Our barristers are familiar with advising clients on tax efficiency, especially within Trusts and Wills. Our barristers can provide expert advice to you and your family based on your personal and financial needs going forward and how you may be affected legally. Our advice covers: Capital Gains Tax from the sale of investments and properties; Income Tax; Inheritance Tax; Stamp Duty Land Tax; Tax planning for succession to business assets and other similar taxes.

Powers of Attorney

A power of attorney is a document that allows a person to delegate decision making to a person or persons chosen by them. Should such a need arise our barristers are adept at drafting ordinary powers of attorney regarding your property and financial affairs. In circumstances where the client lacks mental capacity, then a Lasting Power of Attorney (“LPA”) dealing with Property and Financial Affairs and/or Personal Health and Welfare may be more appropriate.

A Property and Finance LPA allows an appointed attorney to make financial decisions, including management of a person’s property, bills and pension, whilst a Health and Welfare LPA allows an appointed attorney to make choices about medical care and care arrangements. It is also common for couples or relatives to create Mirror LPAs’, where two parties appoint each other for their LPA.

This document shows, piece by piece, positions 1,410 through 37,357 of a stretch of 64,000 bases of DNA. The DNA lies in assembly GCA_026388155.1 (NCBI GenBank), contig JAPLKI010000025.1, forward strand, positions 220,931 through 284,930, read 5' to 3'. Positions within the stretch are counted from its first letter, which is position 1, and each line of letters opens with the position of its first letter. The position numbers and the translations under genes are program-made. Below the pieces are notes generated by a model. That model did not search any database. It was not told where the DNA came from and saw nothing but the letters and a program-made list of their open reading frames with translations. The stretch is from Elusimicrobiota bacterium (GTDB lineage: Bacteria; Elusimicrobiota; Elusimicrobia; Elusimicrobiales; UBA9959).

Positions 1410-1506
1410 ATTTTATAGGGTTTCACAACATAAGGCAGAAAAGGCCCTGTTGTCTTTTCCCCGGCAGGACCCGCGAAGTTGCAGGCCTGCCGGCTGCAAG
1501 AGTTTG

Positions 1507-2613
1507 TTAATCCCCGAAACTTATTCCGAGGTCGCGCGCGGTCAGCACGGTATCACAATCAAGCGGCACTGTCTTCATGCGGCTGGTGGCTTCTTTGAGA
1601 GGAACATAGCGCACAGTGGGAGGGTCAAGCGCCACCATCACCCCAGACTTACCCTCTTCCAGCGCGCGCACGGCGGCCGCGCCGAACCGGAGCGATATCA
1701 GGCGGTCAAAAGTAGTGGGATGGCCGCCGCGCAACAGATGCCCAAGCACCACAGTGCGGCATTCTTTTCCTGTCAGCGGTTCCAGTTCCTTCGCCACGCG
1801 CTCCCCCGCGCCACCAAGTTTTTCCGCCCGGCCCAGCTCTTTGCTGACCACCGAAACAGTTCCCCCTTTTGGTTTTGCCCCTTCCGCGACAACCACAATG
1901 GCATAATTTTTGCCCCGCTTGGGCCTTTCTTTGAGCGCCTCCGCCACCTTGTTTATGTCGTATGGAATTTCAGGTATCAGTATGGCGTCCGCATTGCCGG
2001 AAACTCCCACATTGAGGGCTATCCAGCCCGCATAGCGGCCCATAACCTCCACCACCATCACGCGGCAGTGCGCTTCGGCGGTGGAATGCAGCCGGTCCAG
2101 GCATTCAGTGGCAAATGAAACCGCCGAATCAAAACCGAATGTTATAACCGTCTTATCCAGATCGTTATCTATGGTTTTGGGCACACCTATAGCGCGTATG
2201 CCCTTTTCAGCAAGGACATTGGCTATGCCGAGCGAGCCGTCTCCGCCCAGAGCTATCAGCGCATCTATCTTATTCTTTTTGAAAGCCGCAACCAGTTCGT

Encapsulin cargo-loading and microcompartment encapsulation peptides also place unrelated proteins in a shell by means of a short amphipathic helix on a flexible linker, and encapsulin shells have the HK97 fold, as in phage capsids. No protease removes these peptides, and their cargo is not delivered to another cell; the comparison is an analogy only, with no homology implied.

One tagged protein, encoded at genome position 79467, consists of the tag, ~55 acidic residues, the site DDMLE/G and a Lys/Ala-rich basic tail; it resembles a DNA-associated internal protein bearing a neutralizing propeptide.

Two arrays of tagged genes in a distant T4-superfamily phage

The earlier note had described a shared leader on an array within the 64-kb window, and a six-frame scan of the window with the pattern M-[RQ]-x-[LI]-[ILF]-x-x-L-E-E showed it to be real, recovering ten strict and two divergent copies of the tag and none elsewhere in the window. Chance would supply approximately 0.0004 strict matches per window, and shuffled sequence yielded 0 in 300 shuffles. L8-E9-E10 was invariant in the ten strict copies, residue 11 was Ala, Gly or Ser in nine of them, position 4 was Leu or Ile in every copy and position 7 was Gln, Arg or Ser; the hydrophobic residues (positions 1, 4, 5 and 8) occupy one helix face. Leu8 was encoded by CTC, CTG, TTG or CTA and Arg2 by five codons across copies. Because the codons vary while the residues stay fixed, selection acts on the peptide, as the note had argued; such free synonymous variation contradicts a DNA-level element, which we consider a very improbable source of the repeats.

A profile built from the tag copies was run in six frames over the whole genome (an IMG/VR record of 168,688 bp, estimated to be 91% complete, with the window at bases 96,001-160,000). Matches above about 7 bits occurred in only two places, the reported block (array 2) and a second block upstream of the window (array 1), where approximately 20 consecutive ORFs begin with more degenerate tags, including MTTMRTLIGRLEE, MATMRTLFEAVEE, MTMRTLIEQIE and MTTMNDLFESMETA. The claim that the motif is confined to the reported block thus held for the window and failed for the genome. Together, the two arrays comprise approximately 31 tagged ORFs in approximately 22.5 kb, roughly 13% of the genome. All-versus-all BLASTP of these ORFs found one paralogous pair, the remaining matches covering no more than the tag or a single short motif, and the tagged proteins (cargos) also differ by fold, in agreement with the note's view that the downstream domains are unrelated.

If, however capacity to make decisions has been lost before a Power of Attorney has been granted, then an application to the Court of Protection for a Deputy to be appointed, who can take appropriate decisions instead would become necessary. Our barristers are capable of advising on the submission necessary for a successful application to the Court of Protection.

Commissioners of Oaths

A Commissioner of Oaths is one who is duly authorised and entrusted with the ability to witness the signing and swearing of documents and to verify legal documents and/or affidavits (a written statement confirmed by oath) for use as evidence in court. Our barristers have these powers but are restricted from using them in proceedings in which they are acting on behalf of any of the parties. Our barristers are available to advise on and draft change of name deed polls, affidavits, statutory declarations, or powers of attorney; and certify copy documentation (including passports) as and when necessary, for individual clients and companies.